Other sources of apple, such as apple sauce and apple pie, should not be fed to cats, as they often contain added ingredients such as sugar and preservatives.
Are Apples Good For Cats?
We don’t know much about the ability of cats to digest and utilise the nutrients in fruits and vegetables like apples. Apples are high in carbohydrates, but cats are primarily carnivores- so it’s possible that their digestive system doesn’t allow them to use the nutrition in an apple as effectively as they might.
We do know, from this study, that cats can absorb the antioxidant tocopherol from apple pomace. We also know, from very recent research, that cats find apple pomace tasty- but also that apple pomace reduces the digestibility of the cat’s diet. This means it’s being explored as an ingredient in ‘diet’ foods, as the fibre can help them feel full, whilst the calorie content of the food is lower.
With the other nutrients in apples, we’re yet to find whether or not cats can absorb them and utilise them, and therefore whether they are a healthy snack for cats. But the good news is that, as long as your cat will eat them and they don’t suffer any side effects, eating apples is unlikely to do any harm to your cat.
How Much Apple Can A Cat Eat?
As you would with all new foods, the first time you feed your cat apple, you should ensure that you only feed them a very small amount- half a cubic inch is plenty. You’ll then want to observe your cat for 24-48 hours to ensure that they don’t suffer any adverse effects such as diarrhea or vomiting. If all goes well, your cat can tolerate apple and she can have a little more.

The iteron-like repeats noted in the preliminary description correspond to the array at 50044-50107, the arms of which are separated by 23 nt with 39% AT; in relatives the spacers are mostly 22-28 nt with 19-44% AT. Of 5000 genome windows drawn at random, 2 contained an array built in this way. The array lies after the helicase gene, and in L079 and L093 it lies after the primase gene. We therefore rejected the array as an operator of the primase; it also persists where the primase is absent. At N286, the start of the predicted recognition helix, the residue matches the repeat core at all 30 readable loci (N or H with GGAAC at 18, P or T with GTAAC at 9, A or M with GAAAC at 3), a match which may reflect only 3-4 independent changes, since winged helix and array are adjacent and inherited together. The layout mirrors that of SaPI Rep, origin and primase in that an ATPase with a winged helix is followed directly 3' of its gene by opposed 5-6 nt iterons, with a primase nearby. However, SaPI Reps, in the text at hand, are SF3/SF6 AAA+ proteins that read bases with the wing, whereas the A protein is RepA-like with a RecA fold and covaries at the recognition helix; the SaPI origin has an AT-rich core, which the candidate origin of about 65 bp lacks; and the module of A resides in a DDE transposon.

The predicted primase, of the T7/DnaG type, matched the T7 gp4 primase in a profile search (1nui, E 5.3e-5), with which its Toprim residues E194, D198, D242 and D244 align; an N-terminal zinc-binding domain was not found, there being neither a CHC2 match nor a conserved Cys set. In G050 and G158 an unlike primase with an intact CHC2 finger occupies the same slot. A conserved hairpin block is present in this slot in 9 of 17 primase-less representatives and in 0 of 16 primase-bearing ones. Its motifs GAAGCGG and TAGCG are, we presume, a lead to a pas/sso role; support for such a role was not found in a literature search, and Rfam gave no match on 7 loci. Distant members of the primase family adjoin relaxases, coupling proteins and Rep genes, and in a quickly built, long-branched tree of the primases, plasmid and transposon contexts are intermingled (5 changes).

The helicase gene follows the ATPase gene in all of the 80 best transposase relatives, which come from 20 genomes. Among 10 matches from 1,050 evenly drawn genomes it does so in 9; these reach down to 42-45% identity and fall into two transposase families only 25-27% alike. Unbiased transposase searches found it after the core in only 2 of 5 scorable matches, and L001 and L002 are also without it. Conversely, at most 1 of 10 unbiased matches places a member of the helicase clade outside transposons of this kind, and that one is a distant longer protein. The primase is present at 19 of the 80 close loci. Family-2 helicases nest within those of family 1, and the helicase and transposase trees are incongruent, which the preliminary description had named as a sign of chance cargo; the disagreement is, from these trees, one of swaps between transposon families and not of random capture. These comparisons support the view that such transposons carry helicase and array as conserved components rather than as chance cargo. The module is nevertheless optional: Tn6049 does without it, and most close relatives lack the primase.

As always, you should ensure that your cat doesn’t eat more than 10% of her calorie allowance from treats. This means that, theoretically, a 10lb cat that is in perfect body condition shouldn’t have more than a quarter of an apple each day, calorie-wise.
However, if they’re going to have other treats, they’ll need less- and that’s quite a lot of apple for a little cat! In reality, a few small pieces is plenty, sprinkled over their food. Alternatively, use a tablespoon of apple puree (not shop-bought apple sauce, which contains additives) mixed in with their food.
Don’t forget that your cat shouldn’t eat the pips of the apple (apple seeds), as these contain amygdalin, which is turned into cyanide when digested. Although the amount of cyanide is small, it’s best to avoid giving apple pips to your cat. In addition, the ASPCA advises that apple stems and leaves should also never be eaten by cats and dogs.
Apples are a safe treat to give most cats, as long as they aren’t suffering from a few specific health conditions. However, it’s not yet known if cats get as many health benefits from apples. If you decide to give your cats apples as a treat, you should only give them a very small amount, as too much fibre can cause stomach upset.
Frequently Asked Questions
Can cats eat apple slices?
Yes, plain raw apple is fine to feed your cat. However, smaller pieces are better as they are less likely to pose a choking hazard.
What fruits can cats eat?
Along with apples, cats can also eat raspberries, blueberries, bananas, and strawberries.
Can cats eat apple seeds?
Although they only contain a tiny amount of cyanide, it is not recommended to feed your cat apple seeds. Having said that, if they accidentally eat one or two they are unlikely to suffer any ill effects- simply monitor them for symptoms for a couple of days.